Leaders of the U.S. Helsinki Commission have introduced a bill seeking to strengthen Global Magnitsky sanctions to improve the United States’ ability to hold human rights abusers and corrupt actors accountable.
The incoming chair of the commission Sen. Ben Cardin (D-Md.) and co-chair Sen. Roger Wicker (R-Miss.) on Feb. 3 unveiled the Global Magnitsky Human Rights Accountability Reauthorization Act, which would permanently reauthorize the original Global Magnitsky Act and broaden the law’s scope.
The 2016 Global Magnitsky Act allows the president to impose economic sanctions or deny entry into the United States foreigners who have engaged in human rights abuse or corruption. This federal law expands sanctions from a similar 2012 Russian-focused law to other countries. The 2012 act was introduced to hold accountable individuals responsible for the detention, abuse, and death of Sergei Magnitsky, a tax lawyer and auditor in Russia.
The global act was first implemented by former President Donald Trump, who in 2017 issued Executive Order 13818, which applied the Global Magnitsky sanctions to 13 individuals. Trump’s order also broadened the standards of behavior for potentially sanctionable targets and specifies additional categories of people as potential sanction targets, according to the Congressional Research Service.
Cardin and Wicker’s bill builds on the original law (pdf) by extending the sanctions to the immediate family members of violators, and broadening the scope of the act by including “serious human rights abuse” and “violation of internationally recognized Human rights” standards to expand the actors and abuses eligible for sanctions.
It also simplifies the standard for corruption offenses and removes the victim status requirement to ensure no victim is excluded.
Meanwhile, the bill requires future reports to Congress to include information about additional steps taken by the president through diplomacy and other means to address persistent underlying causes of human rights abuses and corruption in countries of sanctioned violators.
“This reauthorization will send a clear signal of our national commitment to defending democratic values and the international rules and standards that enable us all to live peaceably together. When human rights abusers and kleptocrats violate these norms, it is incumbent upon us to create concrete consequences,” Cardin said in a statement.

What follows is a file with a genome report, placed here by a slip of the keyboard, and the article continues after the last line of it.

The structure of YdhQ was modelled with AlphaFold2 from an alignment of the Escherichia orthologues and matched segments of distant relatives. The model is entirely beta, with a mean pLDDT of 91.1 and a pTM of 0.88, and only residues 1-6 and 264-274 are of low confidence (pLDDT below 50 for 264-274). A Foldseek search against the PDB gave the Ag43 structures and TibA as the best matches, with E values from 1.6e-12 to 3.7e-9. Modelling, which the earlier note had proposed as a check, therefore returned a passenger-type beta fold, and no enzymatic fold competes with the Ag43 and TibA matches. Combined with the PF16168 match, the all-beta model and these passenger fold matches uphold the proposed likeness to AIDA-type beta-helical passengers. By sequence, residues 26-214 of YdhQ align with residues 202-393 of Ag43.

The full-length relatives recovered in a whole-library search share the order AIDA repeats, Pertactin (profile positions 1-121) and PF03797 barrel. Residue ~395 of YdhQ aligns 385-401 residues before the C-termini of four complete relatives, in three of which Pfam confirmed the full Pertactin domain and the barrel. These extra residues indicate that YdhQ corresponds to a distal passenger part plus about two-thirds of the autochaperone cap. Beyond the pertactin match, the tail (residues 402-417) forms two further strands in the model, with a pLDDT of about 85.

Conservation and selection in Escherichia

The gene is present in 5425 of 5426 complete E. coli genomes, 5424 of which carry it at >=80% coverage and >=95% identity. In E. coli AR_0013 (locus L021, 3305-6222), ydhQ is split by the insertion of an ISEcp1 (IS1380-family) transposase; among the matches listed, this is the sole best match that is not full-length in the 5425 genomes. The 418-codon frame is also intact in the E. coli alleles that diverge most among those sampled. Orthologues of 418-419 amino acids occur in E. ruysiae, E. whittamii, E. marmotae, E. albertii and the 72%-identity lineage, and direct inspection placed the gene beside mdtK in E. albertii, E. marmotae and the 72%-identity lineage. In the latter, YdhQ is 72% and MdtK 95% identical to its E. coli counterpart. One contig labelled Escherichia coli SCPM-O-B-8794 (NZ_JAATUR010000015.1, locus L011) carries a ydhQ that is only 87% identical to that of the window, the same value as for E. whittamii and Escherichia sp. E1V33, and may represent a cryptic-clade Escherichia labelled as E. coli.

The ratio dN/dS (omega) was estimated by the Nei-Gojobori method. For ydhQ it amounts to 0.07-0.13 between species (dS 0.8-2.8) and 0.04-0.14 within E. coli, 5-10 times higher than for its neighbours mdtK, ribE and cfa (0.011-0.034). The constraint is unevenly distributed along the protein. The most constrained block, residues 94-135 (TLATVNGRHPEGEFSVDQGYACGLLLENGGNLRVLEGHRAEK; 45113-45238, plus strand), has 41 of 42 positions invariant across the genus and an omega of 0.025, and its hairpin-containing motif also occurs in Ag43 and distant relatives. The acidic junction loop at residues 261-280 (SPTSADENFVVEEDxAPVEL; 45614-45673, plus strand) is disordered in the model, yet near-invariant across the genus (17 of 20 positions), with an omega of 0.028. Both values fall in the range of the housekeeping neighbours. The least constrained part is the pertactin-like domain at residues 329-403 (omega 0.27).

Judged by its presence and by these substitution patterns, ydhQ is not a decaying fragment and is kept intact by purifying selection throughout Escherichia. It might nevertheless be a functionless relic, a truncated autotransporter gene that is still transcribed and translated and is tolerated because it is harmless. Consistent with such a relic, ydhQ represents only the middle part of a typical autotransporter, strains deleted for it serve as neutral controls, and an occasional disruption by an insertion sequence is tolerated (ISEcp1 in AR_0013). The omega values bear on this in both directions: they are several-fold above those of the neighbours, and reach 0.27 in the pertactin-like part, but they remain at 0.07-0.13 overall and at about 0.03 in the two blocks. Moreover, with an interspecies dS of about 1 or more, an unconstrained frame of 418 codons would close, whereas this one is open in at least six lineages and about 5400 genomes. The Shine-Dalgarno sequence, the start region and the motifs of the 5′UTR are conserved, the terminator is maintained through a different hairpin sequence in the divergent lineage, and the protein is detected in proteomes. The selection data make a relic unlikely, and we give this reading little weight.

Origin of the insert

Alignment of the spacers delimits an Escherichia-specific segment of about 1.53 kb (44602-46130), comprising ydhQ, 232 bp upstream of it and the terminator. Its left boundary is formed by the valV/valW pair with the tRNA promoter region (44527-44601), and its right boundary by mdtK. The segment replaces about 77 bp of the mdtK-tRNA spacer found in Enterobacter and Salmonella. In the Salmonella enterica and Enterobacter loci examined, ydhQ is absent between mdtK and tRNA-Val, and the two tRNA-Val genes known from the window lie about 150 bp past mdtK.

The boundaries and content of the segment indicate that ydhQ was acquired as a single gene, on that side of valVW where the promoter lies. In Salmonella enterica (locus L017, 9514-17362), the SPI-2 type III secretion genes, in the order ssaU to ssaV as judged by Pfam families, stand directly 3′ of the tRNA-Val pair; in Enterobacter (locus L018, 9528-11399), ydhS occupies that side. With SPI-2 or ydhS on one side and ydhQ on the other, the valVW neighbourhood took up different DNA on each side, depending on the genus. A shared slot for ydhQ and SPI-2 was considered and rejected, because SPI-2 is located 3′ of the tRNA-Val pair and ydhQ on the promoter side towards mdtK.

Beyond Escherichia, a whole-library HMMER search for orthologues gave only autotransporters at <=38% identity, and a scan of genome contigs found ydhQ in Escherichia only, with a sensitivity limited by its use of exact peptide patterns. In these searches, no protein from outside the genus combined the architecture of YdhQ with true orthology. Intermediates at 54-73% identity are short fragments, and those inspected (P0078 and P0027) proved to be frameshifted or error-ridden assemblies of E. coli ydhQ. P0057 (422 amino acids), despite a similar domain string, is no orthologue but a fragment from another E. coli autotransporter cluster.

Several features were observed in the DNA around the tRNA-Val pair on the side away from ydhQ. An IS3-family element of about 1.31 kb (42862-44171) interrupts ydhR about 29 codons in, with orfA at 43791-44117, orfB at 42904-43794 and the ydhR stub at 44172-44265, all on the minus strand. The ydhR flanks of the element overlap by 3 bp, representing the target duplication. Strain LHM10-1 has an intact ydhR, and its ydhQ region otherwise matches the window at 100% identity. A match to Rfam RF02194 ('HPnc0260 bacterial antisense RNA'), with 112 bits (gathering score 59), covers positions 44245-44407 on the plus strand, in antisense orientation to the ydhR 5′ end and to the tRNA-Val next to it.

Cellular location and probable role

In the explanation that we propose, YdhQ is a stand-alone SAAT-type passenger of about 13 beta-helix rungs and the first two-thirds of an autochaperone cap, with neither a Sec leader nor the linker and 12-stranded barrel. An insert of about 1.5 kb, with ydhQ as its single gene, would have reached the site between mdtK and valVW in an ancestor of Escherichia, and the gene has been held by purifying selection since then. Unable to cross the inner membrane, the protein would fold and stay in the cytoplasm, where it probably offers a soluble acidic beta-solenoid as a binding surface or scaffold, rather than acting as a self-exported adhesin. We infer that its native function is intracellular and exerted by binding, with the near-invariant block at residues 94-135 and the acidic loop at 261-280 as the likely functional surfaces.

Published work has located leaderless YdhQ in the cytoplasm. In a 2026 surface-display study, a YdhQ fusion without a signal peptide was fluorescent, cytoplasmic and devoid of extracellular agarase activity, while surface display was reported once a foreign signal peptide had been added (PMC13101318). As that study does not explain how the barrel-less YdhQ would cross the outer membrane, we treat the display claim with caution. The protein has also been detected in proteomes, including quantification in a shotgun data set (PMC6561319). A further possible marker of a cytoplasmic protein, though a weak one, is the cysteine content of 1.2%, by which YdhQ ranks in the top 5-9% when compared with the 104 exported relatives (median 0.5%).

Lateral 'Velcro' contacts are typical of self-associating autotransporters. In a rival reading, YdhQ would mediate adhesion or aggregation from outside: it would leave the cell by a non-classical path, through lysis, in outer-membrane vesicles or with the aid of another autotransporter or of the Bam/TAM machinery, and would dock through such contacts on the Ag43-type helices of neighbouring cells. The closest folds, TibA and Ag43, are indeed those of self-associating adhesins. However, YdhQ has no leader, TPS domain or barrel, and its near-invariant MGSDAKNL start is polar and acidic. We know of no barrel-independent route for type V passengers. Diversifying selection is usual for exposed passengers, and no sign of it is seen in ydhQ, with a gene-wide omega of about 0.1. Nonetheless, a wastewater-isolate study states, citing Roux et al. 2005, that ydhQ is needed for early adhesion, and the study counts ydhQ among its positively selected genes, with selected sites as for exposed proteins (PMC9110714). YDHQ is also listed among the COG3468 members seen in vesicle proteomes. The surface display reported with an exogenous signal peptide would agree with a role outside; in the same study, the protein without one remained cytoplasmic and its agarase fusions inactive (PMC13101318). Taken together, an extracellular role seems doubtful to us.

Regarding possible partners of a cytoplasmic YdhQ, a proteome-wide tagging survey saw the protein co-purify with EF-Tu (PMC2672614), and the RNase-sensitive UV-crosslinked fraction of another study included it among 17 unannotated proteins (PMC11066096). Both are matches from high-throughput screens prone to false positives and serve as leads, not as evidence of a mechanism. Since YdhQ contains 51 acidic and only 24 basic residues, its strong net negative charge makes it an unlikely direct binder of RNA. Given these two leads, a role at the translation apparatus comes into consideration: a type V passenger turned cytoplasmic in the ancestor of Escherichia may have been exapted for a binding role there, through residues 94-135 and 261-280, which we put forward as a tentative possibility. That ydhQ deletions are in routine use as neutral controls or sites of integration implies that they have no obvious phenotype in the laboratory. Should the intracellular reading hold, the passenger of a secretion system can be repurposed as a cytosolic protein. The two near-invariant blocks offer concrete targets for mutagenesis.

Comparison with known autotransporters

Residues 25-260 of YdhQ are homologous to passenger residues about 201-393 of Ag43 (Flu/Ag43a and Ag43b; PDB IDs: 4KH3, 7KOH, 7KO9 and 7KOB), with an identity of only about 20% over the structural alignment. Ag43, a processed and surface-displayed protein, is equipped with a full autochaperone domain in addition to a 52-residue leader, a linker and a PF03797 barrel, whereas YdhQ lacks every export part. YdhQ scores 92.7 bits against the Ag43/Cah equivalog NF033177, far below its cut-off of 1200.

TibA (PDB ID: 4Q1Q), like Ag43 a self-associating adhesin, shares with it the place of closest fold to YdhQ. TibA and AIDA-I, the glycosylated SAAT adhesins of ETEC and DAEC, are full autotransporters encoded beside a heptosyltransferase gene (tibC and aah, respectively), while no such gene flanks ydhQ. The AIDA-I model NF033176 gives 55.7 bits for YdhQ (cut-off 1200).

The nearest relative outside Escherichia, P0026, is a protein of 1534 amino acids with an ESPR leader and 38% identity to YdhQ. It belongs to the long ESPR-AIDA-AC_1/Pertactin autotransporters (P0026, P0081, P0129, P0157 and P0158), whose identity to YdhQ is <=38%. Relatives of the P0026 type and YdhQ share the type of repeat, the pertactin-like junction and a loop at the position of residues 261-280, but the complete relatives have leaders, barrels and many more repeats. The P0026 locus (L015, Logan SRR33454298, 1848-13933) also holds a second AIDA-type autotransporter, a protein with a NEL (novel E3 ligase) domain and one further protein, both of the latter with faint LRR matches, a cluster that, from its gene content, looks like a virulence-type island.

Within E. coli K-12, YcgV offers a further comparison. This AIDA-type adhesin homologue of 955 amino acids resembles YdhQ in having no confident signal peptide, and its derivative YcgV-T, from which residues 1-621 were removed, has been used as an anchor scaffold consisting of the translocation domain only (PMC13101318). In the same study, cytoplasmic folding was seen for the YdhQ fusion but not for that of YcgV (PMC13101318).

“When it was introduced, the Global Magnitsky Human Rights Accountability Act was a groundbreaking tool for combating human rights abuses and corruption around the world,” Wicker added. “Since then, the law has helped to hold the worst violators accountable no matter where they are.”
The Global Magnitsky Act has been used to respond to human rights violators affecting members of Muslim minority groups in northwest China’s Xinjiang Province, corrupt actors in South Sudan, and Ugandan officials who were engaged in an adoption scam that victimized Ugandan-born children.
A group of Republican lawmakers last year called on (pdf) then-Secretary of State Mike Pompeo and then-Treasury Secretary Steven Mnuchin to issue Magnisky sanctions against seven Chinese Communist Party (CCP) officials who the lawmakers say had violated the 2005 International Health Regulations and human rights of Chinese citizens due to their “duplicitous, ineffective, and cruel response” to the outbreak of the CCP virus pandemic.
There have been calls by lawmakers around the world to enact similar laws in their respective countries. The European Union in December 2020 decided to adopt an EU Global Human Rights Sanctions Regime that would allow the bloc to target serious human rights abuses and violations worldwide.
Similarly, Australia is looking into whether to enact its own Magnitsky-style legislation. In December 2020, a joint standing committee that held an inquiry into the topic found that such laws would align Australia with a global effort to limit human rights violators and corrupt individuals from “enjoying the proceeds of their abuses.”